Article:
If we skim Kant, we get the idea we can’t grasp the true nature of reality at all. All we’ve got are our senses, and a mind that’s structured in a certain way to intuit the universe. We can see things as they appear to us, but not how those things are in themselves. But the most challenging idea of all is what Kant says about space and time. He plays his word-game and deduces that space and time drop out of the equation altogether. They’re part of the perceptual toolkit we’re born with, which means we can never get a handle on the way things are when we’re not looking. This is not to say the world is an illusion. It’s just that the way we see it is the only way we can see it, while its true nature is hidden and unknowable.

This sounds like the opening of Dao De Jing, written in China two thousand years before Kant. It says what we can see and touch and put names to is not the same as the essence of those things in themselves. Chinese ideas were floating around in Europe at the time Kant was writing. They’re sophisticated philosophies because the Chinese got themselves organized into a literate culture early on. But to the semi-theocratic west, these were pagan ideas and it was dangerous for philosophers to make too much of them.

Still, I think it’s an important thing to know, this link, that two cultures, isolated, and thousands of years apart could come up with the same basic idea. It suggests they might have been on to something. But its also frustrating I’ve not the nous to make any more headway with it than that. I did try reading Kant’s “Critique of Pure Reason” once. I wanted to understand it, word for word, like I once understood fluid dynamics. But I couldn’t follow it in any meaningful depth. I was probably in my late thirties then, and no point trying again now.

Carl Jung read it when he was seventeen. He’d read Schopenhauer’s “Will and Representation” too. He understood both well enough to think he’d spotted a flaw in Schopenhauer’s reasoning. It’s schoolboys of that calibre who grow to influence in the world of thought. All laymen like me can do is hold on to their coat-tails, hoping for a line or two of poetry that will stick and sum things up for us.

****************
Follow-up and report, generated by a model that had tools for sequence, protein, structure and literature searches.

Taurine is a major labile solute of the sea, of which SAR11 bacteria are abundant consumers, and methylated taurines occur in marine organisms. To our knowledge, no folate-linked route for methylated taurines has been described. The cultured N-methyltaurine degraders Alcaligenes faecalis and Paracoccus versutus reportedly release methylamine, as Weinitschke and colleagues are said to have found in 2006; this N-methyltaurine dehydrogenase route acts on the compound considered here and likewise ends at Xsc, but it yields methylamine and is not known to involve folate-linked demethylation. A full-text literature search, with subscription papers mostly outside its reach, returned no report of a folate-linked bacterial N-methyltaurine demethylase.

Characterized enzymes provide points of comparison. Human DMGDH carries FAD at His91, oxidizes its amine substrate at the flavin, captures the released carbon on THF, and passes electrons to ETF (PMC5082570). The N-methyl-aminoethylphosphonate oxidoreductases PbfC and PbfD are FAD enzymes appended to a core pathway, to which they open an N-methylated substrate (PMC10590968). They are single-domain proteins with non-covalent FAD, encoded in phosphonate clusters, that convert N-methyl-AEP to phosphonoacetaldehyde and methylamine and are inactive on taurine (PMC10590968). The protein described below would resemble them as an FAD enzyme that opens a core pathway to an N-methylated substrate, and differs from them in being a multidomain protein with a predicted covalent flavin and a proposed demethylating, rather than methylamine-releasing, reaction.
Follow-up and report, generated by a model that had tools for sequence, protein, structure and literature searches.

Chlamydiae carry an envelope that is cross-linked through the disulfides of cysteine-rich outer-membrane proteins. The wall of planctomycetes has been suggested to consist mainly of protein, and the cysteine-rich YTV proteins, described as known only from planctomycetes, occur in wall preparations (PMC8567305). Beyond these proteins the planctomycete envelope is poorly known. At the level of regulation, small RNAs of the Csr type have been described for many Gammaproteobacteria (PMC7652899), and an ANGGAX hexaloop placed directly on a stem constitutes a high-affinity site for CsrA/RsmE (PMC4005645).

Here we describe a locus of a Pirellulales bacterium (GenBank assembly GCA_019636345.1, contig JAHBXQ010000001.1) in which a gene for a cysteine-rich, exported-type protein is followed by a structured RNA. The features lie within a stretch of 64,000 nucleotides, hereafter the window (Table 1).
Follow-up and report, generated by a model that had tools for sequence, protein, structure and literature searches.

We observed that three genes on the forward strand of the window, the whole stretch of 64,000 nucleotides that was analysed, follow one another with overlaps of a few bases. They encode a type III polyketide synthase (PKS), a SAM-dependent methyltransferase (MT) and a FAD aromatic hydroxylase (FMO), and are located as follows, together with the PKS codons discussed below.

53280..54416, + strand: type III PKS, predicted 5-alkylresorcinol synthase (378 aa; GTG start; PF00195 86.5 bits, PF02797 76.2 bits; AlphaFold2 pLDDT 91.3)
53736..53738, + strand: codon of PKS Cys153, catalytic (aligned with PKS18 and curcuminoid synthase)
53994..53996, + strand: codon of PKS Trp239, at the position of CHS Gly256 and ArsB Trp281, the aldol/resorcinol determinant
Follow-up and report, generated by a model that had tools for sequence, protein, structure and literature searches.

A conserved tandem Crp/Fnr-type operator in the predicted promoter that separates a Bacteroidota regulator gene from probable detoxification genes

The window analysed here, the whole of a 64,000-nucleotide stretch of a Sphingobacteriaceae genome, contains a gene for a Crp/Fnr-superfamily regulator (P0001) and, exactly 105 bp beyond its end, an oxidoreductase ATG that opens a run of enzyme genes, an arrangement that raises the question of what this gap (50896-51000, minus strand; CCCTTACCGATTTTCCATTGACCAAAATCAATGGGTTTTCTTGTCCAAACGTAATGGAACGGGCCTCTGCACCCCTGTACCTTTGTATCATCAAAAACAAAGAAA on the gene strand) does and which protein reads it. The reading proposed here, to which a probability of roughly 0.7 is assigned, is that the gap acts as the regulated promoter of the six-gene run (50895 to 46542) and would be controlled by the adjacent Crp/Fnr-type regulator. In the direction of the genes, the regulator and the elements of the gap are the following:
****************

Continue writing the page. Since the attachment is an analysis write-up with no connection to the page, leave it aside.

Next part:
Most of us don’t bother of course, and are no more enlightened in the philosophical intricacies than mud. Or maybe the essence of life and living are so obvious anyway, we don’t need to learn it from the philosophers, or perhaps it just doesn’t matter. Or should we be content to leave it to those cleverer than we are to make a difference in the world? But when you look at the way the west is disintegrating – our leadership and our key institutions – and how China has undergone repeated convulsions down the centuries, finally to evolve into an authoritarian techno-surveillance state, you wonder if more of us, east and west, shouldn’t be making a better effort with those philosophers after all.

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WOTH cover smallWinter on the the Hill – Twenty Three

I know, the title Winter on the Hill is looking less appropriate as we head into early summer, but it’s metaphorical, right?


The earth is rusty-red and dusty here, the sky a deep sepia tint, fading to the colour of straw where the sun has just gone behind the hills. There’s a pleasant warmth to the air, and a dryness. It’s coming out of the earth, quaking up from the rocks themselves as they give back to the heavens what the sun has poured into them all day. I’m sitting on the porch of a pioneer’s wooden cabin, out in the wilderness of Western Australia. We’re somewhere on the frontier, as it was I suppose towards the later nineteen twenties, and as near as I’ve imagined it at various points in my life.

News from home isn’t good. The vacuum of peace following the war to end all wars has been filled with the decimation of traditional industries and civil unrest on account of poverty. In America there’s been a market crash and stock brokers are leaping from the windows on Wall Street, though all this was as nothing compared with the hundred million worldwide who had already died from the H1N1 contagion, the so-called Spanish Flu.

I’m with Annie, the pair of us gazing at the afterglow of the sun. She came out on the SS Balranald in ’23, left her child with family in Ulverston, and she misses him deeply. He’ll come out when he’s older, just in time to get swept up in that second war, and sent out east – or rather west from here – to fight.

Charlie’s been dead since ’18 of course, but she still thinks of him, though by now she’s married anew, and carrying another man’s child – always something pragmatic, adventurous and uniquely admirable about Annie. And I suppose, though again I’m imagining all of this, what I admire in her, what marks her out for me is that she set the frontier of my matrilineal blood furthest from home, travelled as far as she could around the globe, planted her shovel in the dirt and said, this is where I’ll start again.